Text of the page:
Data pseudonymization in detail
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The following describes a typical procedure of how to perform data pseudonymization. In other words, it describes the steps to construct a tuple of strictly pseudonymous data and split-off additional information starting from identified data. It depicts the common case where the identified data was previously used for other purposes. Pseudonymization could then constitute “further processing” (see Art. 5(1)(b) and 89(1) GDPR) that pursues its own purposes.

The overall procedure of data pseudonymization is illustrated in Figure 16 and discussed in the following.

Figure 16: Functional details of data pseudonymization.

Preparatory step: In the preparatory step, controllers need to specify the purposes pursued by the pseudonymization, i.e., the processing after data pseudonymization. This includes:

  • the purposes for keeping (split-off) additional information and
  • the purposes pursued by the processing of (strictly)pseudonymous data.

Clarity about these purposes is important to guide several processing steps of data pseudonymization.

This is most evident in the data minimization[1] step (iii), since it filters out all data and detail that is unnecessary to fulfill the stated new purposes.

It is similarly crucial to the step of design of additional information (i). More precisely, this step can be seen as a variation of data minimization: Identifying data elements within the additional information can be kept only if they are necessary for legitimate purposes. A precise specification of these purposes is therefore an important input into the data pseudonymization procedure. This will be explained further below.

In the sequel, the actual processing steps that constitute data pseudonymization are described:

(i) Design of additional information: Controllers have to make certain design-decisions about the additional information. This task is guided by the purposes for which additional information is necessary in the first place.

(a) A first decision that controllers need to make is whether their purposes require the storage of additional information at all. This is most often equivalent with the question of whether re-identification of data subjects is necessary. Another reason for which additional information is necessary is to handle incremental growth of personal data that affects already existing data subjects.

If additional information is unnecessary for the purposes, data minimization and storage limitation (see Art. 5(1)(c) and (e) GDPR) mandate that no additional information be kept. Note that Art. 11 GDPR states that it is not necessary to store additional information for the sole purpose of complying with requirements of the GDPR, such as the implementation of data subject rights.

(b) Once established that additional information is indeed necessary, controllers need to decide whether it has to be one- or bi-directional. When re-identification is necessary, the additional information must always be bi-directional. When an incremental growth of personal data has to be handled, it is sufficient that the additional information is one-directional. Data minimization and storage limitation (see Art. 5(1)(c) and (e) GDPR) mandate that one-directional rather than bi-directional additional information shall be used if it is sufficient for the purposes.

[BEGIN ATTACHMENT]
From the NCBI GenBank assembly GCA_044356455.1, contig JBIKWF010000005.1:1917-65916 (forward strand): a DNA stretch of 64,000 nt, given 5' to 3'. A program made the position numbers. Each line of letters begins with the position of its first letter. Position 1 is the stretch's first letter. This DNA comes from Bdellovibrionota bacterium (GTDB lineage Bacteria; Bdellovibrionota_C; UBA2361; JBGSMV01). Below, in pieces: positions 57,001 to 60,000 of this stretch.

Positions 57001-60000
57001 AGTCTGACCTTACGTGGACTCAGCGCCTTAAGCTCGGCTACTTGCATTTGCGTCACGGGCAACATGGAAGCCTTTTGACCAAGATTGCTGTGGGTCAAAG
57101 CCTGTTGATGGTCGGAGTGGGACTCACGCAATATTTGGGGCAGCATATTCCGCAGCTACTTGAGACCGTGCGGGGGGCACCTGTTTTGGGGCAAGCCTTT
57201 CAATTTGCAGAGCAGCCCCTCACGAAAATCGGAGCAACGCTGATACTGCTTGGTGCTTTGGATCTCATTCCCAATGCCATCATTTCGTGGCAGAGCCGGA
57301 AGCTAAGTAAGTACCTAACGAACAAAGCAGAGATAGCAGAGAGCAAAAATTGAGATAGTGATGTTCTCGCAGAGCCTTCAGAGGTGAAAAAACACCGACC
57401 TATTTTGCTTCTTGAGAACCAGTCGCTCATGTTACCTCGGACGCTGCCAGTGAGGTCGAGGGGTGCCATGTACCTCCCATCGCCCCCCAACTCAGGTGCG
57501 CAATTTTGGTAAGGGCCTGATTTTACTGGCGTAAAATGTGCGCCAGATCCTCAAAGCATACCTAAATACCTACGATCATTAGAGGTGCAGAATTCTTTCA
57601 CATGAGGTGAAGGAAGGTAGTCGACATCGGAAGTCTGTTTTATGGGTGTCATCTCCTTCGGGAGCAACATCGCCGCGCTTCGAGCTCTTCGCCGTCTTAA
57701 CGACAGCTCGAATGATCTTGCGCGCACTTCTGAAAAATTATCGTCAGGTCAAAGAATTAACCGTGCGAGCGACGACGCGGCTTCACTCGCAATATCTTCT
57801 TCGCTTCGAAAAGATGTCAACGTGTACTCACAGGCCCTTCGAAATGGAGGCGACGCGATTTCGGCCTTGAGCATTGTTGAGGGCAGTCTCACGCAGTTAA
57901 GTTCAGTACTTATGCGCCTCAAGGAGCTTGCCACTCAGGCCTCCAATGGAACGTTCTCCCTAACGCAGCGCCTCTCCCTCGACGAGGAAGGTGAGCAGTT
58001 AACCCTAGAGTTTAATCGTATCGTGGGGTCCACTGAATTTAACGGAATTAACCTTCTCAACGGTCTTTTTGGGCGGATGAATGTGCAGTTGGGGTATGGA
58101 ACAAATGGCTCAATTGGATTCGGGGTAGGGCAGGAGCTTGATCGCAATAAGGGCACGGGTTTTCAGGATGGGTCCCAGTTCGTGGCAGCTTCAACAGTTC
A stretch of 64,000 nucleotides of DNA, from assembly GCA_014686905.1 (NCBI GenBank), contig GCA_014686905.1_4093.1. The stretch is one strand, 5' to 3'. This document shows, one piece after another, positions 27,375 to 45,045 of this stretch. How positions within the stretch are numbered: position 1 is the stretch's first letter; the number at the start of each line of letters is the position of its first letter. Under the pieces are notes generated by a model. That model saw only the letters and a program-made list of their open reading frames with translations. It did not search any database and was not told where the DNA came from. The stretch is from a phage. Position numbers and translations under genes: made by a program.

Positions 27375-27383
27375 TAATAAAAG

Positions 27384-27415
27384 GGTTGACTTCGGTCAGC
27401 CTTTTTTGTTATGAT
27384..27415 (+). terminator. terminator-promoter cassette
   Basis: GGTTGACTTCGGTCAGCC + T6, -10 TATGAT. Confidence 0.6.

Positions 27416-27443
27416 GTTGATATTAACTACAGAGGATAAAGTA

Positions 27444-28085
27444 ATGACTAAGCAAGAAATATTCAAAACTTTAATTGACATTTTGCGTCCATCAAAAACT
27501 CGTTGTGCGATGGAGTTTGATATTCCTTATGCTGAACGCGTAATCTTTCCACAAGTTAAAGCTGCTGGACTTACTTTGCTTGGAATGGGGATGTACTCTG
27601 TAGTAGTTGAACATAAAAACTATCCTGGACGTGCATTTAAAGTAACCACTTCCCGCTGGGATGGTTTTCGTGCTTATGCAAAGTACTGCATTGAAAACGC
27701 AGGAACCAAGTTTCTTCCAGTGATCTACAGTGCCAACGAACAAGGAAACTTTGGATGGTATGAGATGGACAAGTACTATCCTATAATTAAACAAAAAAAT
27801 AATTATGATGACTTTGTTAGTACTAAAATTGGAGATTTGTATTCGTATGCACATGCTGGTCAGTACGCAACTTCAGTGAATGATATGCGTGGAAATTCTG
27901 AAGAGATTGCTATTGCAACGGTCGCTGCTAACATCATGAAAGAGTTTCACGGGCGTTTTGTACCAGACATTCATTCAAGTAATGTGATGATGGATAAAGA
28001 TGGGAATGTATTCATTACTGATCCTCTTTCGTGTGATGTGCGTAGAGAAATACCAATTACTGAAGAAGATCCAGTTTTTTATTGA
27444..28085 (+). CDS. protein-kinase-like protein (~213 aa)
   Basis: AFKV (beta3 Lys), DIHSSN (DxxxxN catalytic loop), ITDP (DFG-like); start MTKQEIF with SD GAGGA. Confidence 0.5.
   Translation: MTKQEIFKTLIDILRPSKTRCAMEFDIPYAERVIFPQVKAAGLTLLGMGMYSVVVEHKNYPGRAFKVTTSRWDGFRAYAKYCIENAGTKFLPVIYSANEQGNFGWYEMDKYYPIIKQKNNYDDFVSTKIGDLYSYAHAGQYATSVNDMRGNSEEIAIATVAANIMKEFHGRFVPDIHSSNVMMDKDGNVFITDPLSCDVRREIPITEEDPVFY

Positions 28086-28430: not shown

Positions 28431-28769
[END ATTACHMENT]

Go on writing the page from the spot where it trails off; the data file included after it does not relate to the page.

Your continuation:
(c) One further decision is which directly identifying data elements shall be used for the additional information.

Assume for example, that the additional information shall be used in rare cases to re-identify data subjects in order to contact them. This may be the case, for example, when processing pseudonymous health data that may reveal that a specific data subject suffers from certain medical conditions that require rapid medical attention or intervention. The controller then needs the additional information in support of the purpose of contacting the affected data subjects. Consequently, the identifying data elements should be those suited to establish such contact (such as a telephone number or e-mail address).

In another example, assume that an external processor received pseudonymous data for analysis and that the result of the analysis has then be re-identified by the controller for further processing. In this case, the identifying data element should be the unique handle that is used in the processing of the identified data.

(ii) Design of pseudonymous handles: This step affects both, the split-off additional information and the strictlypseudonymous data since pseudonymous handles are part of both. The decision to make here is how to actually create the pseudonymous handles. A definition of the concept of pseudonymous handles was given in the previous section; different methods for creating pseudonyms were discussed in section above. In summary, pseudonyms can be created independently (e.g., as random numbers) or derived from certain identifying data elements (e.g., by using a cryptographic one-way function or encryption). The present step of data pseudonymization decides which is the most suitable method to use.

(iii) Data minimization: The identified data were designed to support a set of original purposes. The processing step of data minimization eliminates all data that are no longer necessary for the new purposes pursued by the processing of the strictly pseudonymous data. This could entail both, the elimination of complete data elements, or the reduction of detail though generalization. An example for the latter is to generalize a precise locations (represented by latitude and longitude coordinates) to larger areas (such as a ZIP area or a county).